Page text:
• Discretion: Individual discretion of city and county governments in expanding or offering treatment services within local jails has also affected rollout on a local and community level. This can be influenced by a number of factors.

Barriers to addiction treatment and mental healthcare in the criminal justice system can vary widely by region. And unfortunately, this isn’t a new issue.

Formerly addicted and incarcerated individuals and their families have, in recent years, been at the forefront of efforts to expand treatment options, in partnership with advocacy organizations and grassroots activist networks.

Long-Term Consequences Of Unavailable Opioid Treatment

The consequences of failing to provide addiction treatment for incarcerated people can be substantial, affecting physical health, mental health, recidivism, and public health.

Drug Overdose

Research shows that drug overdose is a leading cause of death among formerly incarcerated people who are released into the community.

Within jails and prisons, overdoses have also skyrocketed. Over the last two decades, drug overdose deaths have increased more than 600 percent in prisons, and 200 percent in jails.

According to a recent report from the ACLU, MAT can reduce the risk of fatal overdose by up to 75 percent in the weeks following release, and reduces the risk of death by any cause by 85 percent.

Public Health Effects

Returning to opioid use after incarceration can have public health effects, including those that seep into local communities.

Public health effects of not providing treatment can include:

  • repeat crime
  • domestic violence
  • transmission of infectious diseases (e.g. HIV)
  • burden on the healthcare system
  • increased jail and prison costs
  • other societal costs

Drug addiction isn’t just an issue that affects individuals. Addiction, and the broader ‘War on Drugs,’ affects families and communities just as much.

Why Treatment In Jails And Prisons Is Important Today

In 2021, more than 90,000 people died due to drug overdose—a record high, up from about 70,000 the year before. More than 70 percent of overdose deaths last year involved opioids.

According to the Substance Abuse and Mental Health Services Administration (SAMHSA), prison and jail inmates released back into the community are 10 to 40 times more likely to overdose compared to the general population.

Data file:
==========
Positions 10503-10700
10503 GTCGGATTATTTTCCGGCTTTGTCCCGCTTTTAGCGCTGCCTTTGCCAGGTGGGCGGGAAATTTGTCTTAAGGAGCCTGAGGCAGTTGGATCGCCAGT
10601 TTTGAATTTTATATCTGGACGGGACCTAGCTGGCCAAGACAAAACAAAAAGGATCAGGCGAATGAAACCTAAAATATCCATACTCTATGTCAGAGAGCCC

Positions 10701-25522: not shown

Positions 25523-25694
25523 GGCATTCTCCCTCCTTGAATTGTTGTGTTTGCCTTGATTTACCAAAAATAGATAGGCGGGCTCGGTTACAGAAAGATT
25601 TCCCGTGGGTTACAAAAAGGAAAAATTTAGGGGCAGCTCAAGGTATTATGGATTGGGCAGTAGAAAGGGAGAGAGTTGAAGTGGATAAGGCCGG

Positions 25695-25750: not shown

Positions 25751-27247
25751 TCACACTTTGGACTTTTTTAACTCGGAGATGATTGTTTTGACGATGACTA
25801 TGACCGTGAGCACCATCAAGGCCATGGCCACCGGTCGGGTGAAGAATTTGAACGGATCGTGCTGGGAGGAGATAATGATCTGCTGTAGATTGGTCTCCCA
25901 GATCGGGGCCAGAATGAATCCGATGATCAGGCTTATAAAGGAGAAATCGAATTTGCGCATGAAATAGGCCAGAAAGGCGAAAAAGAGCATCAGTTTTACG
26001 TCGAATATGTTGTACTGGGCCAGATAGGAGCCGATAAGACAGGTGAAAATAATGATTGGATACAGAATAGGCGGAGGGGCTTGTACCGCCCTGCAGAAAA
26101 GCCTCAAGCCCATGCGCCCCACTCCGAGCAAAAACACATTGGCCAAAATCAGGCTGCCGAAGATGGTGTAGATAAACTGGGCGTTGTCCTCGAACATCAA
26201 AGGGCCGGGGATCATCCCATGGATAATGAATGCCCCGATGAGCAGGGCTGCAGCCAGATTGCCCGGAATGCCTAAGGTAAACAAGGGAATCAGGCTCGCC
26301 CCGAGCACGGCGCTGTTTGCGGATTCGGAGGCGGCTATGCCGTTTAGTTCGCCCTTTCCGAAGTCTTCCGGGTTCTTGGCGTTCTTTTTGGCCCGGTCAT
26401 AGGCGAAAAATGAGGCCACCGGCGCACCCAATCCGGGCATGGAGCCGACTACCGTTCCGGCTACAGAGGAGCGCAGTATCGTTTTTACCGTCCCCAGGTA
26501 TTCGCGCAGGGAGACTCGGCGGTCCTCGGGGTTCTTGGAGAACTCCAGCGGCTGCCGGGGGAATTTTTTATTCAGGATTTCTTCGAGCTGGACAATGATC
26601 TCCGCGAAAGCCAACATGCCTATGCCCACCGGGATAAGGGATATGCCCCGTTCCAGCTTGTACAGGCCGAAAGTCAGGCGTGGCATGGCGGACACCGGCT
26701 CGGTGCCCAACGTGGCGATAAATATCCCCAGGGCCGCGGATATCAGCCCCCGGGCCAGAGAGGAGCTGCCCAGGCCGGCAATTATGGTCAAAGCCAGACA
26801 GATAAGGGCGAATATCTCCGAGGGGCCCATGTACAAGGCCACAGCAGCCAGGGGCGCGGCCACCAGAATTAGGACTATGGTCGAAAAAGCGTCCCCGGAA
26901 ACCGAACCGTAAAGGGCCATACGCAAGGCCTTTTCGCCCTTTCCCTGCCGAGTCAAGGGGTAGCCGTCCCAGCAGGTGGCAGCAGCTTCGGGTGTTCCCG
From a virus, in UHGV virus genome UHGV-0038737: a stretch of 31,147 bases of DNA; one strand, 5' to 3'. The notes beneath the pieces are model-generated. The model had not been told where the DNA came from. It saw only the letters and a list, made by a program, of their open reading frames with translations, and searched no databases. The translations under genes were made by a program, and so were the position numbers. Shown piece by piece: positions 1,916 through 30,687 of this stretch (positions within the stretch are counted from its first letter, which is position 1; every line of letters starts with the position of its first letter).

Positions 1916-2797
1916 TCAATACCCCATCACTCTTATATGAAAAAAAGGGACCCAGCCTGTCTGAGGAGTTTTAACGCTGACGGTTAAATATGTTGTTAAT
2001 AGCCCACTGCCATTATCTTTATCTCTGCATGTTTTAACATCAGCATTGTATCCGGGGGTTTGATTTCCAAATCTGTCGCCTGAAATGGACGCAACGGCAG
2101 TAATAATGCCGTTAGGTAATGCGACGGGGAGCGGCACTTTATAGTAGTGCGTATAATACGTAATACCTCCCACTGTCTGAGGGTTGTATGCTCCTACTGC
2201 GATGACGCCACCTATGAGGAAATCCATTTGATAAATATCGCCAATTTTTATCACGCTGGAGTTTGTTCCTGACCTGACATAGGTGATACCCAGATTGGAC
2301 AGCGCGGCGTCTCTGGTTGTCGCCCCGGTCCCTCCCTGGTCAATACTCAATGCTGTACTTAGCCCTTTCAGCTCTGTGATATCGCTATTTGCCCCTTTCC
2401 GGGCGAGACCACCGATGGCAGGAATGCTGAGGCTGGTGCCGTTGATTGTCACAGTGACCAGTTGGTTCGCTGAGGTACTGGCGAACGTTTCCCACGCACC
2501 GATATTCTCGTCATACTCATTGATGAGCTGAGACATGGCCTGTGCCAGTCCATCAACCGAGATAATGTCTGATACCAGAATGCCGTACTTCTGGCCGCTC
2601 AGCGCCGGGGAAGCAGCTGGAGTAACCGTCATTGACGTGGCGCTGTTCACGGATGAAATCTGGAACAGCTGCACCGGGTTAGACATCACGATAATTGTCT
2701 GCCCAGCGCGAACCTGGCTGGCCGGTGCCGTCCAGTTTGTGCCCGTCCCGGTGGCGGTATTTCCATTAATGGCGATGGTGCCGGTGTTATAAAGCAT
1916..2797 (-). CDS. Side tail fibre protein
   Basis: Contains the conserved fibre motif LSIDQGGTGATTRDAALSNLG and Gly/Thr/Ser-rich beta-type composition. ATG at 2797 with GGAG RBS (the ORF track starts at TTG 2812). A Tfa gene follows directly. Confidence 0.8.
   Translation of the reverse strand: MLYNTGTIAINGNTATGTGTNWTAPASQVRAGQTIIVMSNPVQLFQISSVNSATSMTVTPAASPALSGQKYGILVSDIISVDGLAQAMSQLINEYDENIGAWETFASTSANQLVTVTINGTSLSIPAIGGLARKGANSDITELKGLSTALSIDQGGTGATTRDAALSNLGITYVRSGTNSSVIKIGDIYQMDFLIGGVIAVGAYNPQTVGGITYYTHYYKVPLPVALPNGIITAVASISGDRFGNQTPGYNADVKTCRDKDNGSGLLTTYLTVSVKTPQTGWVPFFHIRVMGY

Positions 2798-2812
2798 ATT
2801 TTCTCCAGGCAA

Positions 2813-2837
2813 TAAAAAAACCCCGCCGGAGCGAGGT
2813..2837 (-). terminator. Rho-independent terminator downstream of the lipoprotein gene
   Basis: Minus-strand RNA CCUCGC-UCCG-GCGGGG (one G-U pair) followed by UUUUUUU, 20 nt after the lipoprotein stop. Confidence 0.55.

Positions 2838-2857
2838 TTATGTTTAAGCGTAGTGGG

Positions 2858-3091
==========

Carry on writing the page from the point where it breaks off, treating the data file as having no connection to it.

Providing treatment for people in jails and prisons is quite literally a life-or-death issue. It can also impact families and communities if individuals don’t receive the help they need.

Treatment Options For Opioid Addiction In Jails And Prisons

Over the last several years, prisons and jails nationwide have moved to expand access to treatment options and full treatment programs for people addicted to drugs or alcohol.

What treatment programs inside jails and prisons may offer:

  • medications for opioid use disorder (MOUD)
  • mental health services
  • support groups
  • psychiatric services
  • individual and group counseling
  • halfway house coordination (prior to release)

Since 2018, the number of jails that now offer MAT has increased more than ten-fold—from about 30 jails in 2018 to hundreds today.

Still, this accounts for just a fraction of the 30,000 jails currently in operation in the U.S, according to joint reporting from The Marshall Project and USA Today.

MAT Medications In Jails And Prisons

The types of treatment services offered within the criminal justice system vary widely. Not all jails and prisons offer the same treatments or MAT medications.

Methadone, the oldest MAT medication, and buprenorphine are generally the preferred treatments for MAT, in part due to their cost, compared to naltrexone.

According to the National Institute on Drug Abuse, monthly Vivitrol (naltrexone) injections can cost upwards of $1000 per shot, while methadone treatment costs about $126.00 per week.

What Can Be Done To Increase Opioid Treatment Availability

Federal and state legislators, as well as treatment and advocacy organizations, are working to provide pathways towards expanding opioid treatment in carceral settings.

Key initiatives for the expansion of MAT include:

  • addressing obstacles that are preventing quicker rollout of MAT programs in the federal prison system, such as improved documentation of required resources
  • expanding eligibility for MAT to ensure people who have a substance use disorder are able to receive treatment in a timely manner
  • increasing staff education about the benefits of MAT and substance use disorders
  • improving data collection on a community level and within correctional facilities to identify the scope of the unmet need of individuals affected by addiction
  • advocating for legislation that mandates correctional facilities’ provision of this life-saving treatment of inmates with drug and alcohol use disorders

The road toward expanding MAT for people who are incarcerated, and ensuring continuity of care for people on probation or following release, is a long one.

Through efforts in advocacy, education, and improved utilization of local, state, and federal resources, solutions to address this issue can be realized.

Getting Help For Loved Ones Affected By Addiction

If you’re looking for drug or alcohol rehab for someone in jail or prison with opioid addiction, you’re not alone.

Those struggling with substance abuse, and their loved ones, can contact our helpline for more information on how to find MAT programs, aftercare programs, and other treatment options.

This page does not provide medical advice. See more

Addiction Resource aims to provide only the most current, accurate information in regards to addiction and addiction treatment, which means we only reference the most credible sources available.

These include peer-reviewed journals, government entities and academic institutions, and leaders in addiction healthcare and advocacy. Learn more about how we safeguard our content by viewing our editorial policy.

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Medically Reviewed by
Johnelle Smith, M.D. on October 11, 2021